Click on the image to listen to Podcast Episode 15: Year End Reflections

Click on the image to listen to Podcast Episode 15: Year End Reflections

I've been reflecting on the past year. Professionally, I've achieved the goals I've set for myself and many more. For example, I don't think in January I was really expecting to have launched a podcast. It was an idea I was toying with, and I may have even told people about that plan, but there was definitely a part of me - a scared, insecure part - that didn't think it would happen. That part of me was wrong, and I'm glad I didn't let those fears stop me from moving forward. I've been very happy with the success of the podcast so far! This year I went to California for the first time, and I started Sensorimotor Psychotherapy training. As of this time last year I hadn't planned on either of those things. I guess the point I'm trying to make is that today I may feel unsure of whether I'll be able to accomplish what I want to in 2016, but the year will unfold with surprises that will surpass what I can envision doing now.

With that in mind, my intentions for 2016 are to enjoy music, allow self-love, practice present-moment awareness, and listen to my body. I'm actually capable of doing all of those things, because they're all within my control, and there is no getting them wrong. I like the idea of setting intentions that allow me to be human, rather than something like "I will lose 10 pounds." I'm a work in progress. We all are!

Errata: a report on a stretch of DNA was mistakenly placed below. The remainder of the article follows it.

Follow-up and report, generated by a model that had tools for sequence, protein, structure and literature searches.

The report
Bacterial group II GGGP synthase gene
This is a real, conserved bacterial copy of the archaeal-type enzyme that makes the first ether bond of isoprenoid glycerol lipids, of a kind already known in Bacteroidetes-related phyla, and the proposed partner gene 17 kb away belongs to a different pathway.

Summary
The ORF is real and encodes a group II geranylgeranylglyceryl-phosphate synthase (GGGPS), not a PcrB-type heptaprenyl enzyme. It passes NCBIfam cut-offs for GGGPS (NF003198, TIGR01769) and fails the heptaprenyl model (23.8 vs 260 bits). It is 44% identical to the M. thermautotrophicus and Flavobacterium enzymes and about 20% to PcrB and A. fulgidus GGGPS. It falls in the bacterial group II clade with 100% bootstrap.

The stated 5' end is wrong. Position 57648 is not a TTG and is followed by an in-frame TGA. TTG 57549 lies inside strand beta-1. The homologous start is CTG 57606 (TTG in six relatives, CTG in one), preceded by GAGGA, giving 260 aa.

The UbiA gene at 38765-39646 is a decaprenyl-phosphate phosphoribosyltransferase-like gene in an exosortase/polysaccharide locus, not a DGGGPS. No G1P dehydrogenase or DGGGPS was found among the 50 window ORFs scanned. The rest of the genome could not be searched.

Set Intentions Instead of Resolutions

So what do you want to achieve in 2016? Are there any intentions you can set for yourself in the coming year which will allow you to feel a sense of accomplishment on December 31, 2016? What happens when you set your intentions with love rather than self-criticism? I'd love to hear your intentions in the comment below! 

And if one of your intentions for 2016 is to work on healing your trauma, that's one I can help you accomplish if you live in Maryland. Get in touch with me via e-mail at laura@laurareaganlcswc.com or by phone at (443) 510-1048. If you'd like to hear more of what I have to say you can find me in lots of places online. For more from me, sign up for my occasional newsletter! I don’t send them out unless I have something I want you to know, and you can unsubscribe any time you want. You can also follow me on TwitterFacebookPinterestInstagram and Google+. To listen to my weekly podcast, search the Baltimore Annapolis Psychotherapy Podcast on iTunes, Stitcher and (coming soon) Google Play. Or click here to listen via my website.